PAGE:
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When you play Skribble, you don't know what you're drawing! Your teammate knows the answer, and tells you what to draw: "Draw a square... inside the square draw two smaller squares... under the two smaller squares, draw a rectangle... on top of the big square, draw a triangle." Know what it is? A TV? A robot? A house! You and your teammate must work together before time runs out!
Okay. Granted. My family only played this game twice. There was a reason, however. Divorce proceedings, custody battles and arson would have resulted if we had played a third time.
My family loves Pictionary. Skribble has nothing to do with that. It's not about drawing. It's about describing drawings. You cannot draw what you want. You must draw what you THINK someone else wants. The frustration level on this game rivals a double - knotted shoelace. My parents were throwing the drawing utensil across the table in frustration.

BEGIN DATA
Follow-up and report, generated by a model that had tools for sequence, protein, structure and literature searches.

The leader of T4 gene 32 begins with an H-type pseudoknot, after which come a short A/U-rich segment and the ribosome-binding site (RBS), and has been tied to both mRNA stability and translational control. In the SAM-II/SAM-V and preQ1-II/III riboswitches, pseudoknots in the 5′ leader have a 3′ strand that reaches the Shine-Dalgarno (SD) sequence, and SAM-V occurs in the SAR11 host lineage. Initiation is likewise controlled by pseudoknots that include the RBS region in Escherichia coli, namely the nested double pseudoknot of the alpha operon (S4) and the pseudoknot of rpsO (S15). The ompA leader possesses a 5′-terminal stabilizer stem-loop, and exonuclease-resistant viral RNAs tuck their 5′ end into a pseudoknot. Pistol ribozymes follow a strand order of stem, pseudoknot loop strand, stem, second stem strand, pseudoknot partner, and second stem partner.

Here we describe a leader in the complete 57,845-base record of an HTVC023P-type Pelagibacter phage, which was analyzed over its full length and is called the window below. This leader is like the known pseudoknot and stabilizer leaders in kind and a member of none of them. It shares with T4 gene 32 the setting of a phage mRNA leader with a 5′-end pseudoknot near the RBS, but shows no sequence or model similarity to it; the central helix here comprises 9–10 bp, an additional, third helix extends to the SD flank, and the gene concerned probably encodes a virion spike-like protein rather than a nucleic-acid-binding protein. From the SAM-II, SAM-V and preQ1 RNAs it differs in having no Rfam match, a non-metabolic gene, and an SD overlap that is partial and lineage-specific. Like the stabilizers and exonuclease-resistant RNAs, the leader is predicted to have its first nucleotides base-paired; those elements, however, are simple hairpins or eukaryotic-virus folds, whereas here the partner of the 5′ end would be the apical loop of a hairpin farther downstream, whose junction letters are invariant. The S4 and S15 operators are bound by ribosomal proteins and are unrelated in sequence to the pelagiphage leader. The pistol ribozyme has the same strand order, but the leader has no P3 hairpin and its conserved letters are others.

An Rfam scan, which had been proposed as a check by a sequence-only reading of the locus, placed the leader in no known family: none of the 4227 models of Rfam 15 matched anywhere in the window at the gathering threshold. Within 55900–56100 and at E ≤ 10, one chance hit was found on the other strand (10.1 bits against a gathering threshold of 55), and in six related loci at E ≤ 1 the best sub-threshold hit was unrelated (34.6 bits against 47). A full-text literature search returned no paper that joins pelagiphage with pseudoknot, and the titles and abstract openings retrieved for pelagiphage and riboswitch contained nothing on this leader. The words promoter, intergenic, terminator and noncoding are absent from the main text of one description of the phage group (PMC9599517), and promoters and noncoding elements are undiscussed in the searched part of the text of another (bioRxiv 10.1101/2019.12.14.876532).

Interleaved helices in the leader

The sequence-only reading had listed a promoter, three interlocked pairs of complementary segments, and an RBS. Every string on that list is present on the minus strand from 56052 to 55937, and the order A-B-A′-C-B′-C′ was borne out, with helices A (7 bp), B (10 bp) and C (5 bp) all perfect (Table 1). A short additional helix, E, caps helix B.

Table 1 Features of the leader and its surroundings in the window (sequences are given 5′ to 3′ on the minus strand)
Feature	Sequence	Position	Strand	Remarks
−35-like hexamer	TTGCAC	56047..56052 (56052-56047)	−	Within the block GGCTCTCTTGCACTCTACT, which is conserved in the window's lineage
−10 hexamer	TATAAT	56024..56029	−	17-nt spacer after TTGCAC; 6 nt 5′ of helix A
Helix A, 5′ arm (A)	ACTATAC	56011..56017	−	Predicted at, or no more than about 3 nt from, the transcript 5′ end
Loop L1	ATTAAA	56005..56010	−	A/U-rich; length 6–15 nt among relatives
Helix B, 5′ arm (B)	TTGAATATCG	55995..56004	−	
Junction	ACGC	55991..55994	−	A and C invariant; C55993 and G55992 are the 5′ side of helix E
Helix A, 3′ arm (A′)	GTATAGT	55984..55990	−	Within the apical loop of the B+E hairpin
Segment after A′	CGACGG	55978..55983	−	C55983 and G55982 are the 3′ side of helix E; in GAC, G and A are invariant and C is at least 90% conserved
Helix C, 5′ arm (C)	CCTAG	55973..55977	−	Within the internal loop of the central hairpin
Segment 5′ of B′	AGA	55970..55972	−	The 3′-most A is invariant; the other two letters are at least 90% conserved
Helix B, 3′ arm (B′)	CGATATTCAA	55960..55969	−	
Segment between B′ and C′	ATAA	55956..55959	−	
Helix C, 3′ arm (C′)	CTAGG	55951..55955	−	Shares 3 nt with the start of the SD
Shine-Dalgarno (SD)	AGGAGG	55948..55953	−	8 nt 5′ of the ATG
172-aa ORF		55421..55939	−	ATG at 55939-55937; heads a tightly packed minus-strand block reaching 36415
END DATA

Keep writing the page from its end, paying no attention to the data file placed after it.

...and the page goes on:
I don't know, maybe we read the directions wrong. If we took away a time limit and a scoring system, this may be more enjoyable.
Draw a circle. Draw a square inside it. Above it draw two ellipses, connected by a slanted straight line, and so on. Could Picasso have imagined this?
Choose one of the two booklets, each with more than 500 triple items. Randomly pick one of the triplets. Select one of the three objects. Announce the one-word clue (Animal, Person, Nature, etc.) and number of points it earns. You must then get your partner to draw the item on the erasable board, using only instructions to draw the geometric shapes comprising it. A maximum of six points can be earned by guessing all three objects before the timer runs out. First team to reach 25 points wins. Geometry has never been so exasperating, or so much fun!